Over the last decade or so, the manufacturing sector across the world has been shifting to Industry 4.0, calling for a renewed look at the kind of skilled workforce required to run the factories of tomorrow.

A Nasscom report published earlier this year expects large economies like the US, the UK, China, Japan, and India to invest in excess of $100 billion in Industry 4.0 over the next three to four years, paving the way for a transformed industrial landscape across the world. This fresh investment, expected to be committed between now and 2025, is equal to the investment made over the past decade or so, which highlights the speed at which the transformation is taking place.

India’s role in this transformation will be quite significant because we expect to increase the share of manufacturing in GDP from around 16-17% today to around 25% by 2025-26 thus creating a $1.1 trillion manufacturing sector and 100 million direct jobs. Investing billions in creating Industry 4.0 is one thing but building the ‘human capital to run the factories of tomorrow is a whole new challenge capable of making or breaking India’s dream to become a global manufacturing powerhouse.

Despite being the second most populous country with the largest youth population in the world, skill deficit has been a perennial challenge for India’s manufacturing sector (as it is in the service sector too). India is already among the top players in several industries like steel, cement, auto, and in emerging sectors like renewable energy, etc. Each of these is not only going to get much bigger but will also be produced in plants that will look and operate quite differently from what we have seen so far. The impressive deployment of robotics, Artificial Intelligence (AI) and data science that we see today in large plants across the country is just the first chapter of this new and exciting story we are writing.

While creating the human resource pool to run the factories of tomorrow will be vital, it won’t be easy. We will be dealing with the twin challenges of scale and quality or more specifically the relevance of the skills at any given point of time. These challenges cannot be met effectively without doing a reality check on the kind of youth population we are addressing or trying to skill.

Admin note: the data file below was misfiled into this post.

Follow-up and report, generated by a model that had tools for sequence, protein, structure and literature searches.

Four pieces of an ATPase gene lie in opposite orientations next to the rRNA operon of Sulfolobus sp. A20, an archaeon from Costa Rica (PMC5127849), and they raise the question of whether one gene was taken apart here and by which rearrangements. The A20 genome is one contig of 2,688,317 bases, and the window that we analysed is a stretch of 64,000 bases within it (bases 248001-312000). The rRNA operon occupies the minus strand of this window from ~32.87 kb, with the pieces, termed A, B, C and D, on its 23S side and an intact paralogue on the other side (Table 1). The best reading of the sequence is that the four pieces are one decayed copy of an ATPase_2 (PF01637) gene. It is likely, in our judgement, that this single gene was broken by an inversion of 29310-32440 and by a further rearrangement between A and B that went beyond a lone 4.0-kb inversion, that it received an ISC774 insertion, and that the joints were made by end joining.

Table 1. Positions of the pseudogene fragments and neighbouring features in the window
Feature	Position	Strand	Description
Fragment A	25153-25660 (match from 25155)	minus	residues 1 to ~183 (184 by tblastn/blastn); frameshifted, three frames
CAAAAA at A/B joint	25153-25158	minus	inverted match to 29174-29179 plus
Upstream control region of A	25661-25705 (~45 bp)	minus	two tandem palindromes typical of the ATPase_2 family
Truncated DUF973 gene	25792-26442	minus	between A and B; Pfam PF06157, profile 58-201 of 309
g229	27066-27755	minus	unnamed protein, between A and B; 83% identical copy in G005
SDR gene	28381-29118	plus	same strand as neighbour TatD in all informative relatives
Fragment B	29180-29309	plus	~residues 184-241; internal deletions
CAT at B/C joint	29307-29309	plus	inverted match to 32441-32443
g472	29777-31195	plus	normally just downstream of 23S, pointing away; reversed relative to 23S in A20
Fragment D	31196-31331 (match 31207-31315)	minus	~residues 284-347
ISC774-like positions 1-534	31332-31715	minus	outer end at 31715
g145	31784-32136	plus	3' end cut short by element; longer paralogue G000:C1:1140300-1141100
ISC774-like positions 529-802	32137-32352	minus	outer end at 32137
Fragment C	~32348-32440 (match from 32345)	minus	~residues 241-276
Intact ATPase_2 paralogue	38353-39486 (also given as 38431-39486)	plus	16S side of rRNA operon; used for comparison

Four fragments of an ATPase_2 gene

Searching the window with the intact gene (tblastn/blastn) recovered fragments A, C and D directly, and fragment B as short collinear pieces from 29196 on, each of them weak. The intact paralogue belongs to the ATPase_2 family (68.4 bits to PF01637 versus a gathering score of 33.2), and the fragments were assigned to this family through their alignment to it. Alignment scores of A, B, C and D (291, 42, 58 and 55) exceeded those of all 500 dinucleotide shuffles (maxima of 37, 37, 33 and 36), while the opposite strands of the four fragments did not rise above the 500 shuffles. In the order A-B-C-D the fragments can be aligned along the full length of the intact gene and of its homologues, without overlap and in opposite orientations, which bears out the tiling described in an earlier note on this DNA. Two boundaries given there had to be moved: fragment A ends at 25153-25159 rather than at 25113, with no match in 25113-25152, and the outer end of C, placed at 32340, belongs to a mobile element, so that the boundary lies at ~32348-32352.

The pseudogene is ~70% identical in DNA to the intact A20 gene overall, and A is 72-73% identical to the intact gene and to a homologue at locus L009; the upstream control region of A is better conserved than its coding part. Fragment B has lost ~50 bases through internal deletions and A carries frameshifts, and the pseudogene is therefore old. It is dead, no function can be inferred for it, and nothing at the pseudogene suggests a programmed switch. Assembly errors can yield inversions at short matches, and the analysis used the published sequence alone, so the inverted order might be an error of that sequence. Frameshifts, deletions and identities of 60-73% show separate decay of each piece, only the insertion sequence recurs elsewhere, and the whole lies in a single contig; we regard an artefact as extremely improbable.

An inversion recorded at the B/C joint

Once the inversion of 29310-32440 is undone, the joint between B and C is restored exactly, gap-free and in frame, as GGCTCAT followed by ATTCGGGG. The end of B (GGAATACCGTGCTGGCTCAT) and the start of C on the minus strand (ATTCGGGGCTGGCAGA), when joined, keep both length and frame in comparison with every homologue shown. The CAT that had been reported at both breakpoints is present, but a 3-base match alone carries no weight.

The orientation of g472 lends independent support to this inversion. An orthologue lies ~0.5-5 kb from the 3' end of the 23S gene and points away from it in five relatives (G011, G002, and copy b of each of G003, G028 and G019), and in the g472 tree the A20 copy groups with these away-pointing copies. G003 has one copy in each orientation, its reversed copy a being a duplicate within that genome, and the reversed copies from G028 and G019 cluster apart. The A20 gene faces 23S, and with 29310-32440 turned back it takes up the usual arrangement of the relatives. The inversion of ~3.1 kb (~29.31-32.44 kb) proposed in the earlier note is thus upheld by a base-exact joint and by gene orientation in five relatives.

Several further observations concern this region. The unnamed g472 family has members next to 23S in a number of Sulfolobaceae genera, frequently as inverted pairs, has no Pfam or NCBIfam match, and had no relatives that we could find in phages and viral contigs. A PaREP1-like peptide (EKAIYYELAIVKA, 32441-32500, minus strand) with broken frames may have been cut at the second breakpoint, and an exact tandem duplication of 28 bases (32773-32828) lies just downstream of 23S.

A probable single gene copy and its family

Consider the big changes in the education, skilling and workplace ecosystems that have made hard landings during the last two and a half years since the first wave of the Covid-19 pandemic. Millions across the country shifted to online education and training and work from home, quite literally overnight. From a skilling point of view, this also means that the three vital parts i.e., content, pedagogy and trainers are also undergoing big changes. If we juxtapose this understanding with the youth population of today, we will start to see the challenges that are right around the corner.

The youth of today are not only more ambitious and restless but also impatient with status-quo around the kind of work that excites them, how they work, where they work from etc. The idea of work-life balance or the role of work in one’s life will only become more fluid in the coming years and decades.

For HR professionals this is not such a bad thing if we know how to handle it. In my opinion, the two guiding principles that can help us become more prepared and effective will be empathy and flexibility. For example, the average tenure of an employee in any one company is getting shorter and the task of increasing the tenure especially with Gen Z and Millennials is proving to be a difficult proposition. Thus, ensuring that we do both – hire and retain the right talent is a big priority to ensure the economic viability of long-term investment in human capital. The increasing globalisation will make hiring more competitive given that the youth of today will be looking for jobs not just locally, but globally. The advent of ‘Anywhere, Anytime’ work philosophy has allowed access to a wider talent pool while adding a whole new dimension of flexibility to the work culture. Simply put, time zones and geographies will cease to be significant constraints in the job market. Further, the opportunities provided by the impressive growth in India’s start-up ecosystem has also seeded the idea of entrepreneurship in youth as a viable career option. Offering roles in companies that can become launch pad for future entrepreneurial careers seems more viable today, including soft skills that are key to success in a highly networked world. All this means HR folks will need a whole new bag of tricks when they head to campuses for fresh hires.

It is also important to remember that building a more relevant and effective skilling ecosystem is much more than an economic priority. Millions of unemployable and disillusioned youths can become fodder for other social and political challenges. It is from this context we need to consider the theme for this year’s World Youth Skills Day is ‘Transforming Youth Skills for Future